The virtual reality (VR) world has exploded in the last couple of years, with a slowdown in tablet sales really paying off for design professionals. (After all, that’s why VR headsets took off, right? Vendors found themselves lumbered with excess display stock.)
That has led to dramatically cheaper headsets. Oculus Rift, of course, achieved the Kickstarter coup of the century, but there’s also HTC’s Vive products, as well as a glut of new market entrants (Varjo, anyone?). In short, we’re now seeing some mind-bendingly smart hardware become available for not a massive amount of cash.
But despite the wealth of hardware options out there, software is more of an issue. Put simply, VR software isn’t well developed, and while VR has played a part in design and engineering for decades, this has been at the very high end of the market, open only to those firms with money to spend on third-party help when it comes to consultancy and implementation services.
Essentially, while your headset may cost just a couple of hundred quid, your design and engineering-focused visualisation software comes at a much higher price.
There has also been a big focus on workflows that take heavy CAD geometry and push it into a game engine, typically Unreal or Unity. Quite often, this works – as seen in the most recent update to Siemens NX, for example. But along the way, you frequently lose much of the visual richness and aesthetic properties you’ve already defined.
This is where Luxion, the company behind design visualisation system par excellence KeyShot, has come into the game with its newly released KeyVR.
KeyVR is, as you would expect, is an add-on module for KeyShot. That means that you’re already building something on top of one of the world’s most popular rendering systems for product design and engineering.
It’s also billed as a ‘one click’ VR solution – a bold phrase that probably deserves some unpacking, since KeyVR owes much to the platform it is built on.
Interestingly, rather than finding a way to take all of the visual information you’ve already defined in your KeyShot scene and then shove it into a game engine, Luxion has built its own VR engine. That gives it several advantages over using a general-purpose engine like Unreal or Unity.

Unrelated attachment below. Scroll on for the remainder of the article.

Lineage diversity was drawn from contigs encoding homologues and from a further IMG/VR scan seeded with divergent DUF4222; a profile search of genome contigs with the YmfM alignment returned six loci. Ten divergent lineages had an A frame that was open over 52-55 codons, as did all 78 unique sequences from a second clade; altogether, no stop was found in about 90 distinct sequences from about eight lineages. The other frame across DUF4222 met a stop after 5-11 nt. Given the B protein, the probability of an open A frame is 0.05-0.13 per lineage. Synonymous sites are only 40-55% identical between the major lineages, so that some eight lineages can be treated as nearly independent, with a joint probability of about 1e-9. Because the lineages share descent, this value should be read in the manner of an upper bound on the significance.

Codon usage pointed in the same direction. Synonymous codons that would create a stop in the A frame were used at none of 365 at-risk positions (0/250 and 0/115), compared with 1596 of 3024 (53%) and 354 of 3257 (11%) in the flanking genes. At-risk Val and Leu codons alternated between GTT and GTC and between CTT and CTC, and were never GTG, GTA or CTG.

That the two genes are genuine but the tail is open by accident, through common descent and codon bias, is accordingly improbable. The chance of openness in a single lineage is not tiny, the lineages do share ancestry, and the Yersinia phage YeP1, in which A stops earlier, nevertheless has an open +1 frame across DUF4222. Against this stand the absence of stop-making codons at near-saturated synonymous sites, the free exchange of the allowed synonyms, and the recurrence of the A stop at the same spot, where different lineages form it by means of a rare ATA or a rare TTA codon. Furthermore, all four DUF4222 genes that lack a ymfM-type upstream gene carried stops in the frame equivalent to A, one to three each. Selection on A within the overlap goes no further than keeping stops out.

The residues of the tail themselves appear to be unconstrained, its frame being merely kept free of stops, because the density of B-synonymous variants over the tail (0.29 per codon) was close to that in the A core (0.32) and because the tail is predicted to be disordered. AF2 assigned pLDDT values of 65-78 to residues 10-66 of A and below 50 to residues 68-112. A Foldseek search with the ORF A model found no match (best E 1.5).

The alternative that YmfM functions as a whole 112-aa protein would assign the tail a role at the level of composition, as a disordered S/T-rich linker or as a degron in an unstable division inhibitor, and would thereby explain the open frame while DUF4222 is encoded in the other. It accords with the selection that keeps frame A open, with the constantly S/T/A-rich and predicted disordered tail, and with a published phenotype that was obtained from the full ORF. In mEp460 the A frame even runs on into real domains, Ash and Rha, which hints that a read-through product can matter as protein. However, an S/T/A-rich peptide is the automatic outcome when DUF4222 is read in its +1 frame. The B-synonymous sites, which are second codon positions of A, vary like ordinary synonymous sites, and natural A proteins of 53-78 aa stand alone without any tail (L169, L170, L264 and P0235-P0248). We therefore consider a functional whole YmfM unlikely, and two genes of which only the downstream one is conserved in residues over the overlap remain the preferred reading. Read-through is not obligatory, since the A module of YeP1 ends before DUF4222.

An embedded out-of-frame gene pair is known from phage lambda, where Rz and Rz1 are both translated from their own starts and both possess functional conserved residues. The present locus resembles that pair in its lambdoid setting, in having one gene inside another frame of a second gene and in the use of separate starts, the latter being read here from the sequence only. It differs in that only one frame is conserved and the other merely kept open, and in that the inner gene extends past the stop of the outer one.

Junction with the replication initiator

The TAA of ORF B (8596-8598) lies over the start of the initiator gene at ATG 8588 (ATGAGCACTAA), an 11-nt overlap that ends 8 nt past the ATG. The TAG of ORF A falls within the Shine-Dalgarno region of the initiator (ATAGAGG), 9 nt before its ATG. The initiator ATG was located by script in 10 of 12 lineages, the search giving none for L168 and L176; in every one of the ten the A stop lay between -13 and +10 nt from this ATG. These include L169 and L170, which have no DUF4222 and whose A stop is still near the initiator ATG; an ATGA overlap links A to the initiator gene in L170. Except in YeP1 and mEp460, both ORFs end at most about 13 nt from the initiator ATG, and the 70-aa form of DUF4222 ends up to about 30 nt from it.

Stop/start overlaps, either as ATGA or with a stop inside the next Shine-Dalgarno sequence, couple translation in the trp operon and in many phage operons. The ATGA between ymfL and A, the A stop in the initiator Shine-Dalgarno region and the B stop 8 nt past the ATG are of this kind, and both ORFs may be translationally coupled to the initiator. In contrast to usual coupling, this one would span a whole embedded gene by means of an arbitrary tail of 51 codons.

First, it can handle the geometry tessellated just how it wants. Where many game engine-based systems come unstuck is in taking heavy, complex data from CAD and moving into the mesh-based, polygon world of VR.
Luxion has sidestepped this challenge, because it already has a tessellation engine built into Keyshot that works well – the company’s just reusing it for the VR activities. It also has a means of linking directly back to your CAD geometry too, using LiveLinking.
Second, you’ve already defined your lighting conditions (starting with an HDR environment image as a lighting and reflection source), as well as your materials options, scene and model variations (referred to as Model sets in KeyShot) and there’s a direct way to move these into a VR environment. So shall we see how it works?
First use and experience
Let’s begin with a look at what you need to get up and running with KeyVR. The first things you need are, of course, a workstation and VR headset.
At present, the headsets supported by KeyVR include the Oculus Rift, the HTC Vive or a Windows Mixed Reality device.
These all come with their own hardware requirements in terms of graphics processing, but Luxion recommends an Nvidia GTX 1080 or AMD Vega 64 or higher for your GPU. We tested the system with an Amari workstation running Windows 10, 32GB of RAM and an AMD Radeon Vega Frontier edition GPU.